The financial sector building developing nations into sustainable economies

Jun 16, 2022

The UN’s Sustainable Development Goals need to be implemented by organizations around the world if we are to tackle the pressing issue of climate change. Fortunately, there are real opportunities for legacy banks in developing countries to tackle some major issues that are overdue for change. 

 

Jean Michel Ng Tseung, CEO Designate at MCB Group says that the organisation needs to look at their effectiveness at all levels: 

 

“Success is measured by how well we accompany our local entrepreneurs to new heights. It is measured by how well we grow our people and develop their talents. And it is measured by how well we promote and deploy sustainability finance for the good of our planet.” 

 

The MCB Group is a financial services institution that has existed for more than 180 years, headquartered in Port Louis, Mauritius. The bank’s diversification strategy, which has led directly to the development of new products, services, and markets has seen the bank grow over the last 25 years with subsidiaries and investments in Mauritius, France, India, Madagascar, Maldives, Mayotte, Mozambique, Réunion, Seychelles and South Africa.

 

As it has grown, says Alain Law Min, CEO at MCB Ltd, the benefits have been felt at home: 

 

“As a leading financial services operator in Mauritius that has played a critical role in the development of the country, our success is closely dependent upon the success of all our stakeholders.”

 

The bank’s stated purpose today is to provide banking and financing solutions to its customers in a responsible manner, using the company’s expertise and resources to make a positive difference to the economy, the Mauritian people and community, as well as the wider environment.” 

 

Vanessa Doger De Spéville, Head of Communication and Corporate Sustainability at MCB Ltd says that to achieve these aims, it is essential to work together: 

 

“Partnerships are key. If you want to create a real impact for society, we strongly believe that we need to partner with associations, NGOs, and people in the field. Among our main partners today are The Association Mauricienne des Femmes Chefs d’Entrepreneurs (AMFC), the association of female entrepreneurs which promotes the local economy. Sustainable development is about working together in order to build a strong ecosystem and to move in the right direction and to create real impact for Mauritius.” 

 

These partnerships has led to tangible results, which Juliette François-Assonne, CSR Administrator at MCB Forward Foundation says are defying expectations of what is possible:

 

“When we are talking about social problems, health outcomes or housing, it’s very rare that you will associate these issues with words such as innovation or excellence. This has now become our driving force: how do we incorporate innovation and excellence in our activities and in our interactions? When we looked at our MCB Football Academy [an organization to help children develop through sport], our connection with the community and families enabled us to identify that children had psychiatric issues. And so we teamed up with an NGO and we developed and implemented the first and only child psychiatric service at national level.”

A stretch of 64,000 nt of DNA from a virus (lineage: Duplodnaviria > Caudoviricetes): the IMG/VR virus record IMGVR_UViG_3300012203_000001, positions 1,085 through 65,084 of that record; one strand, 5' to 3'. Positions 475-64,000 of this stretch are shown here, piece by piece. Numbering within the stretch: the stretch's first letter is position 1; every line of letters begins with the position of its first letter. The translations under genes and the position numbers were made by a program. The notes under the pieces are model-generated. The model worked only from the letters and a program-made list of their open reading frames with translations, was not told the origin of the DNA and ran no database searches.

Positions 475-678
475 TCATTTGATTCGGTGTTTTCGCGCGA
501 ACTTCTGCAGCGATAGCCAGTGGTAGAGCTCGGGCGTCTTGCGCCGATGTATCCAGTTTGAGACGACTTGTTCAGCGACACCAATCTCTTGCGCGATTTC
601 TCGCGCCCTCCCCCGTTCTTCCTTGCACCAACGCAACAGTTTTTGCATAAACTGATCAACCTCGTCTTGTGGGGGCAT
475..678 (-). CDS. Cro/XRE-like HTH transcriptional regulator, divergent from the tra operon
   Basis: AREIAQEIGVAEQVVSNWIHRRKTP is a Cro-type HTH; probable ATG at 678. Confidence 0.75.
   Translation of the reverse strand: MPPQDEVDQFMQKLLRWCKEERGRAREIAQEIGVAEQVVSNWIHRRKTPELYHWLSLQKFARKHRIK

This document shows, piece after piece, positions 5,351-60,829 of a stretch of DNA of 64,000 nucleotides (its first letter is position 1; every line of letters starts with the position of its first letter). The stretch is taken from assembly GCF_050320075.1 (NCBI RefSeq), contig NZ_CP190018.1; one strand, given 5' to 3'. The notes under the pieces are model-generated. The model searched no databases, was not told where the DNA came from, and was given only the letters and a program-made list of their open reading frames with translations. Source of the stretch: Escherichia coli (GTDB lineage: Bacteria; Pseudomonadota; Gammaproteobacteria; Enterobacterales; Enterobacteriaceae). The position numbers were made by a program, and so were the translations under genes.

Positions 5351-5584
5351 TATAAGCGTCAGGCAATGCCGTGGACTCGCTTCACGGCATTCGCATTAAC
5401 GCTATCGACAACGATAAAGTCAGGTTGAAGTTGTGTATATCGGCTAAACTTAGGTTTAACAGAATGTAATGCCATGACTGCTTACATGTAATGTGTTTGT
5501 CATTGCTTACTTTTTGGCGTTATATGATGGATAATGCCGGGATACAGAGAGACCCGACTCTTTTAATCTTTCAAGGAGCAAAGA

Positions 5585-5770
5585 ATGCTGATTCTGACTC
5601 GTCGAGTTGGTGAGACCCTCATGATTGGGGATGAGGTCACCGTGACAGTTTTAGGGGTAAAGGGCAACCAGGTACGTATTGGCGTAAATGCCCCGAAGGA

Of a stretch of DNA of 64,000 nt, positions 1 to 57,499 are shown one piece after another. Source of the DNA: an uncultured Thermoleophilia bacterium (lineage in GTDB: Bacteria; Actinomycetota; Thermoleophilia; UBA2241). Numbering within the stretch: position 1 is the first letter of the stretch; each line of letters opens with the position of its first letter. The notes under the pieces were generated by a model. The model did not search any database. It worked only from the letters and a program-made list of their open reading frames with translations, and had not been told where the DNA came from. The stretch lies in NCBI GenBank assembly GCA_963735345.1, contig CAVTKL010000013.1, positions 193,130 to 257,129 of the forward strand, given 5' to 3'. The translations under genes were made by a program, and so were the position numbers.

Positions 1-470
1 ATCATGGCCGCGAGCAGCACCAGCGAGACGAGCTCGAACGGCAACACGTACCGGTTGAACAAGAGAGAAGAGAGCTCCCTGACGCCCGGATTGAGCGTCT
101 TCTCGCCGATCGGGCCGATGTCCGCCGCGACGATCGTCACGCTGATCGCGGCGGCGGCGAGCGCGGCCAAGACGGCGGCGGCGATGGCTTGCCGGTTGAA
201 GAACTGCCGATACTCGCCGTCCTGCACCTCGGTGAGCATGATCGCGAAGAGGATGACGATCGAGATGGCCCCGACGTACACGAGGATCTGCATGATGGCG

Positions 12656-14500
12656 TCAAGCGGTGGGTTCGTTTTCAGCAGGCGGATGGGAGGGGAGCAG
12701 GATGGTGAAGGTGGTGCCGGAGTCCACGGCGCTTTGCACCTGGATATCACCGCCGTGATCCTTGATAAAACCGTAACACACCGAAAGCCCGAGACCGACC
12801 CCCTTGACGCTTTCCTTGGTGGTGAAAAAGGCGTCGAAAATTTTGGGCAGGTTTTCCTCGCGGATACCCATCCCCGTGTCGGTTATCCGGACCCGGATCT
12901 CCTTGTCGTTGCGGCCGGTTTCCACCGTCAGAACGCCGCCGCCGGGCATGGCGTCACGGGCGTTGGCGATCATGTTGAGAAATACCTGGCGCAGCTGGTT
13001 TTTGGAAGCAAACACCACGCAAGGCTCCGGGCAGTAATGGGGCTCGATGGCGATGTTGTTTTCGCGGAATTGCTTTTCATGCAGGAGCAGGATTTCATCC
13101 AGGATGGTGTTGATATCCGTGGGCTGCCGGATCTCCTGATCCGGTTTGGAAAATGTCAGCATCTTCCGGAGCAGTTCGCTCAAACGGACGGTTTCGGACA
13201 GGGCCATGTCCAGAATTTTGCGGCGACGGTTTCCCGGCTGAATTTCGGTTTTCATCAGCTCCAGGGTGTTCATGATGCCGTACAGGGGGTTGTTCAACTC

François-Assonne adds that the right educational opportunities can be powerfully transformative for struggling communities: 

 

“Through our social housing integrated project, we had beneficiaries who received, over seven years, training and capacity building, enabling them to also then get employment. What has been wonderful to see is that these beneficiaries are now clients. Because we believe in what we do and because we want to be able to ensure that we are meeting the needs of not only individuals, but also our stakeholders, we make sure that these values of innovation and excellence shine through every decision in every project that we are implementing.” 

 

As well as education, Alain Law Min says that entrepreneurs need support – and that the results can be dramatic: 

 

“To support local economies, we have introduced ‘local is beautiful’, a credit scheme which enables entrepreneurs to invest in their activities at a cheaper cost. We have offered green loans which have enabled companies to mitigate the effects of climate change, but also to transition towards cleaner, renewable energy. The new normal post-pandemic will accelerate the change towards an ESG agenda.”

 

Investment in renewable energy, supporting SMEs and improving the wellbeing of societies around the world shows how the bank is firmly aligned with the UN SDGs and the principle of responsible banking. For Jean Michel Ng Tseung, the vision is clear: 

 

“In a nutshell, this is really about infusing our sustainability agenda in the lifeblood of our organization, in our values and in our vision in order to make a positive impact every day in whatever we do.”



“As a leading financial services operator in Mauritius that has played a critical role in the development of the country, our success is closely dependent upon the success of all our stakeholders.”

These articles are produced by TBD Media group